Don't let yourself be intimidated by bullying in the workplace

By Tom O'Neil

Often, bullying victims slowly become isolated from the rest of the team and are not supported by their co-workers. Photo / Thinkstock
Often, bullying victims slowly become isolated from the rest of the team and are not supported by their co-workers. Photo / Thinkstock

Your office phone rings and you can tell from the caller display that it's that person on the line ... Your pulse increases, your face starts to flush and you know that the next couple of minutes are going to be very unpleasant indeed ...

Bullying in the workplace is sadly more common than many of us suspect. A 2011 survey of more than 7,000 female Public Service Association members found that 43 per cent had felt bullied in their current workplace at some point.

From small things like snide comments and inappropriate Facebook posts, through to outright physical violence, bullying can really make your place of work a living nightmare.

Bullying can take many forms, including setting up others to fail, withholding key information, spying on other team members or over-burdening employees with too much work. For many senior executives, "firm management" is often bullying in a leadership guise.

Research by the Workplace Bullying Institute in 2011 stated the top three tactics used by bullies were:

1. Accusing the victim of mistakes they had not actually made;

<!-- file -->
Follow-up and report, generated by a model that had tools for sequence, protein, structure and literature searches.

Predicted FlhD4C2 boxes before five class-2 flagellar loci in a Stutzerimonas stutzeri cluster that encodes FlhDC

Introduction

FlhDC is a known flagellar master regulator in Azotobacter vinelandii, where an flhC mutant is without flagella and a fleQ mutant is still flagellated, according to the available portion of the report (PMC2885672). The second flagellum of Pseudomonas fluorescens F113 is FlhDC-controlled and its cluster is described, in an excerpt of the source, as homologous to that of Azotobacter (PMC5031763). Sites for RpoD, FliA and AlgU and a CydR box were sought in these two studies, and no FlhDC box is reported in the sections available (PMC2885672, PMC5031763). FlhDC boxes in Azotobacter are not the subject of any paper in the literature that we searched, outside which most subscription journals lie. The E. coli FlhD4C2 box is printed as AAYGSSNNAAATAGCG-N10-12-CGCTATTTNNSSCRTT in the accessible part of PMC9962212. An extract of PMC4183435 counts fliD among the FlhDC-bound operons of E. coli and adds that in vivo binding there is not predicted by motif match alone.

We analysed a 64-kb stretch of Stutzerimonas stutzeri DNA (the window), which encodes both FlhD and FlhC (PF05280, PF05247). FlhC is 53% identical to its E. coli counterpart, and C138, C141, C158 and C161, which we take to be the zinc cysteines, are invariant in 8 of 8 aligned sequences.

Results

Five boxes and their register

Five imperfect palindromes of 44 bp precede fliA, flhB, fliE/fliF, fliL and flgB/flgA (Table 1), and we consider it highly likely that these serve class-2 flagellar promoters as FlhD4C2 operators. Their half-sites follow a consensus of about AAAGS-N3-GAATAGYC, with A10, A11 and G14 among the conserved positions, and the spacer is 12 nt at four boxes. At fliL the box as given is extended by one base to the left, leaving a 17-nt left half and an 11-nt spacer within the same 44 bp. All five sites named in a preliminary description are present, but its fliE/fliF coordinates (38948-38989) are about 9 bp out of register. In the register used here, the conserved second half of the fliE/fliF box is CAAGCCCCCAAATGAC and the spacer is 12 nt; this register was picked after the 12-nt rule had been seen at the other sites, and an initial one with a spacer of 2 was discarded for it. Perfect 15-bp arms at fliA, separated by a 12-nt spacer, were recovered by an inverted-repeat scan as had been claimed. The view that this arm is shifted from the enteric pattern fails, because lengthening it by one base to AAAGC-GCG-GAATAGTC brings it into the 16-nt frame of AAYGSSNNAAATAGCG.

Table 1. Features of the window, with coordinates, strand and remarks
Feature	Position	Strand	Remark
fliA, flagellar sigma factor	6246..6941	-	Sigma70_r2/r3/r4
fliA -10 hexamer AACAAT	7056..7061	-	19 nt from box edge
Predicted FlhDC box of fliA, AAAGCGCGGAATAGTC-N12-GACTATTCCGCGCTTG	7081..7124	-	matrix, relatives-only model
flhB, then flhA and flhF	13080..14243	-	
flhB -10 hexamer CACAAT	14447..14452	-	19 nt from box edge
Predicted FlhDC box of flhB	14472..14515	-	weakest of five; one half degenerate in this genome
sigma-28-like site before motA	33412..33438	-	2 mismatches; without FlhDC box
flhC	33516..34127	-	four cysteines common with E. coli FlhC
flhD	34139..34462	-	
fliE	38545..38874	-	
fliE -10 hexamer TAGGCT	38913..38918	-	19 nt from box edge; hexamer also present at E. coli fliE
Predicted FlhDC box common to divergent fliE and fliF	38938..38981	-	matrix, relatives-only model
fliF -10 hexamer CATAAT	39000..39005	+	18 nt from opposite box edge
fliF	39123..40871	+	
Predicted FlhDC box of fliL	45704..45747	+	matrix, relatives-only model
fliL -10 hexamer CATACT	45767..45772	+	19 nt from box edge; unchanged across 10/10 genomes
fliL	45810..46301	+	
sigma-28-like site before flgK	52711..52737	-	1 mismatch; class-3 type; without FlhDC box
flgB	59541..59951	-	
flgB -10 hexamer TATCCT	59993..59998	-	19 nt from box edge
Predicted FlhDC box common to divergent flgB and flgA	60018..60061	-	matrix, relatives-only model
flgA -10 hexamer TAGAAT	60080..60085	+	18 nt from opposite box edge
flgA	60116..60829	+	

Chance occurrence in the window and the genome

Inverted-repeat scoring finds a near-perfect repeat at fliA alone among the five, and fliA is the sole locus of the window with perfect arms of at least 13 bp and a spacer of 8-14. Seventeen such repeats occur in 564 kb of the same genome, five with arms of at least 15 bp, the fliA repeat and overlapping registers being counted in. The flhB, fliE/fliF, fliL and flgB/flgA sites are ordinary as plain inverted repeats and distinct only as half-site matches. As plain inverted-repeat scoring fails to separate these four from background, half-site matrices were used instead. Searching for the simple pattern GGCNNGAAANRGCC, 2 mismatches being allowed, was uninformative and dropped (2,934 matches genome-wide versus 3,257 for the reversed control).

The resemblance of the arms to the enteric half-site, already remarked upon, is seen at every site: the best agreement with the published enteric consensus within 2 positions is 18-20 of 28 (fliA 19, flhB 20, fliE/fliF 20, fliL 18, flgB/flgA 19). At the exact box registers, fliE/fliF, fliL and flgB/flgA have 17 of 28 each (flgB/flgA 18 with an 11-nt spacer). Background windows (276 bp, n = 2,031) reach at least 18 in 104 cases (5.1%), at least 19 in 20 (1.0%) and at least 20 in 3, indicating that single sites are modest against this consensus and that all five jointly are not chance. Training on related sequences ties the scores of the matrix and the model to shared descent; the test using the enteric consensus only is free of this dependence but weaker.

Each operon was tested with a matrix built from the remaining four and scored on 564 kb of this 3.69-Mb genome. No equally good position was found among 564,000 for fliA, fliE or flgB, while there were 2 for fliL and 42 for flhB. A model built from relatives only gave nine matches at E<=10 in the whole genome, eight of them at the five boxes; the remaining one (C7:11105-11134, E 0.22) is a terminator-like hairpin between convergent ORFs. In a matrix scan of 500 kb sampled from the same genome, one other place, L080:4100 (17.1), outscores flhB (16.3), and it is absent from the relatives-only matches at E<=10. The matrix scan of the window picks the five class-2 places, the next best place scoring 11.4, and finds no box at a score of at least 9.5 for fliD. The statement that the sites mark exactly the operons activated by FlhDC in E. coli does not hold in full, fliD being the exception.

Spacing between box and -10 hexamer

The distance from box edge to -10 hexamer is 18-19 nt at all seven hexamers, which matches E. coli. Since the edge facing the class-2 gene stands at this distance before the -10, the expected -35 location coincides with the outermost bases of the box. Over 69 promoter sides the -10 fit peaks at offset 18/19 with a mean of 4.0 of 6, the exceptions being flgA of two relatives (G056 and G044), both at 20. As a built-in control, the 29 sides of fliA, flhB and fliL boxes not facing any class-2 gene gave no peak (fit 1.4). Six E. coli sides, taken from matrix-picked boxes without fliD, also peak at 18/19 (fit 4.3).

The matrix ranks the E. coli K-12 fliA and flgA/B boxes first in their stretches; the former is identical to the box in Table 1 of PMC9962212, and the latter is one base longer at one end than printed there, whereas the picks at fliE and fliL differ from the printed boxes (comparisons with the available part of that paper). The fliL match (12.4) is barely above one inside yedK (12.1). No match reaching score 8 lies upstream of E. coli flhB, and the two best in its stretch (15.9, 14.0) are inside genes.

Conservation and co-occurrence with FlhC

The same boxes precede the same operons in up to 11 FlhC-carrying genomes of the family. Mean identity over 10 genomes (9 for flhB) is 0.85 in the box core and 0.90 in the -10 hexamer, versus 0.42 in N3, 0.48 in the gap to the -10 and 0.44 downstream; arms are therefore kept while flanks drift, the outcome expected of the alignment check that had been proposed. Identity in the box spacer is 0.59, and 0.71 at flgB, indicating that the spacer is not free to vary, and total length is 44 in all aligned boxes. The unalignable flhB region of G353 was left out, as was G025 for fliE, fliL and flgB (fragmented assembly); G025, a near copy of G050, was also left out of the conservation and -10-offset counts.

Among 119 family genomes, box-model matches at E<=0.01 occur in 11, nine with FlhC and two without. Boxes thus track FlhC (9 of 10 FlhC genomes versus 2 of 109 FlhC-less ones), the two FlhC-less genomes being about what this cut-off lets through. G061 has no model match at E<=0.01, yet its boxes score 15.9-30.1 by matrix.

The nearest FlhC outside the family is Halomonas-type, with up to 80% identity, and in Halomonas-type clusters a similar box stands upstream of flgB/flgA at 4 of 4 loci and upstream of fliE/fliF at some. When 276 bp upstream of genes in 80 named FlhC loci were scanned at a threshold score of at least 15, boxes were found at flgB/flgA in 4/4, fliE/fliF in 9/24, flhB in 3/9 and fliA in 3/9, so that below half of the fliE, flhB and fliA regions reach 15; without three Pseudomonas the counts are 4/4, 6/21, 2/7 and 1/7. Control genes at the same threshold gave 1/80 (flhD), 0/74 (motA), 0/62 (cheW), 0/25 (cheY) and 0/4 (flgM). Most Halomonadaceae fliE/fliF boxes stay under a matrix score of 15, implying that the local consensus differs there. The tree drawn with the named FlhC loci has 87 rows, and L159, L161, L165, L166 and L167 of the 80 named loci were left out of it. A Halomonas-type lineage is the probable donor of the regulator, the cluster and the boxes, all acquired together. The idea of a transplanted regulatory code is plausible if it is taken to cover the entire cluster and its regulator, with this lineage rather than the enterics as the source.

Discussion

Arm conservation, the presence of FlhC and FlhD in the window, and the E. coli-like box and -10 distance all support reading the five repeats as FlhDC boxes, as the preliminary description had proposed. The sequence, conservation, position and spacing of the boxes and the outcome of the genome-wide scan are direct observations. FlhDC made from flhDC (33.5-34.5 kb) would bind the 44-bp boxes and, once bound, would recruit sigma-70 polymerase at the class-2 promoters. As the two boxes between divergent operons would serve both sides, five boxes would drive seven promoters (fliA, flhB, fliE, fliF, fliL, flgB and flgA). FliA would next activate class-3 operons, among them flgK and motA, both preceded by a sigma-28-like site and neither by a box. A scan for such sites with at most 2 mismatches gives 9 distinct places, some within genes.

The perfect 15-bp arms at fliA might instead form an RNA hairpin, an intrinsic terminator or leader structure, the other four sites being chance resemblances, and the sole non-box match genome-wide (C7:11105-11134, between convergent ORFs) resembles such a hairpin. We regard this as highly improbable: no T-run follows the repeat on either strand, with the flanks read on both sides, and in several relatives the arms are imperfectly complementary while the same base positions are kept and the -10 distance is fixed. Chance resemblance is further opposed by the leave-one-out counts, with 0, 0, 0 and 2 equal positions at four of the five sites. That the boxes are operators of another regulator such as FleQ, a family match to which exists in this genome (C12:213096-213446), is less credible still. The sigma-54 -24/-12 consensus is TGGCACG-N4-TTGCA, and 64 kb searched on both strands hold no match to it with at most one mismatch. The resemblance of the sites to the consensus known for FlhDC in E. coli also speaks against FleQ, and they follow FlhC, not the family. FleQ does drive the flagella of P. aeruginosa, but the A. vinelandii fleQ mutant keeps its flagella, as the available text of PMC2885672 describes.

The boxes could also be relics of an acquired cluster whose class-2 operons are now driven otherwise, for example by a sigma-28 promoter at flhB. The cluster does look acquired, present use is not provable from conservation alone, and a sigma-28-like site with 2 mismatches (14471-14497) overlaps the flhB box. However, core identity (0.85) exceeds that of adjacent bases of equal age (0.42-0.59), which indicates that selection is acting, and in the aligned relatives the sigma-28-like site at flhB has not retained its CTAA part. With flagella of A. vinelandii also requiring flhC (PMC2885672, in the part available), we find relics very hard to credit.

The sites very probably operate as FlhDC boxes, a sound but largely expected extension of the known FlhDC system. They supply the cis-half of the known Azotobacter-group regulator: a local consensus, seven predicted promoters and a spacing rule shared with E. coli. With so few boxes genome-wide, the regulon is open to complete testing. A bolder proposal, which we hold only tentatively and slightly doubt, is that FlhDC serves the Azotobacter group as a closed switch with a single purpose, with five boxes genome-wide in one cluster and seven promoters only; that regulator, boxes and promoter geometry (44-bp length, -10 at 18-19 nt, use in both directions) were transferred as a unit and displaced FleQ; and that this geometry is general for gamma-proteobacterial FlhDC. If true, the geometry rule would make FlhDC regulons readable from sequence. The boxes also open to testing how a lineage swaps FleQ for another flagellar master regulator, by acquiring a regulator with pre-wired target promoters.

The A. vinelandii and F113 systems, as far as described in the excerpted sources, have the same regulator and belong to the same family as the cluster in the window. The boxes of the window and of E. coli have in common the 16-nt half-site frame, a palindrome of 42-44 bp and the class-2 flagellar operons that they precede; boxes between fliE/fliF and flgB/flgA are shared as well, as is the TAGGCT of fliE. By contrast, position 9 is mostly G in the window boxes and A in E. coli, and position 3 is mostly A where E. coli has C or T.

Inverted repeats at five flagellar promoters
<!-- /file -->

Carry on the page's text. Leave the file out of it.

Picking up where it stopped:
2. Non-verbally threatening and intimidating, clearly demonstrating aggression;

3. Unreasonably dismissing the victim's opinions in front of others in order to humiliate them.

If you believe bullying is happening to you, keep a diary of the behaviour to see if you can spot a pattern. If this is the case, speak to a senior manager you trust or a member of the HR team and talk with them in detail about what's been happening. Remember to document everything, including what has been discussed and agreed actions.

If the problem persists, you will need this evidence to ensure a positive outcome in the future.

However, if you still get no resolution after going to your management team, you can contact the Department of Labour who will be able to support you in your next steps.

A lot of the time bullying victims slowly become isolated from the rest of the team and are not supported by their co-workers.

As this progresses, it makes it harder and harder for the victim to be able to come into work, their sick days increase and their morale collapses.


Tom O'Neil is an international author, award-winning speaker and MD of cv.co.nz. His new book, in stores now, is The 1 per cent Principle.

- NZ Herald

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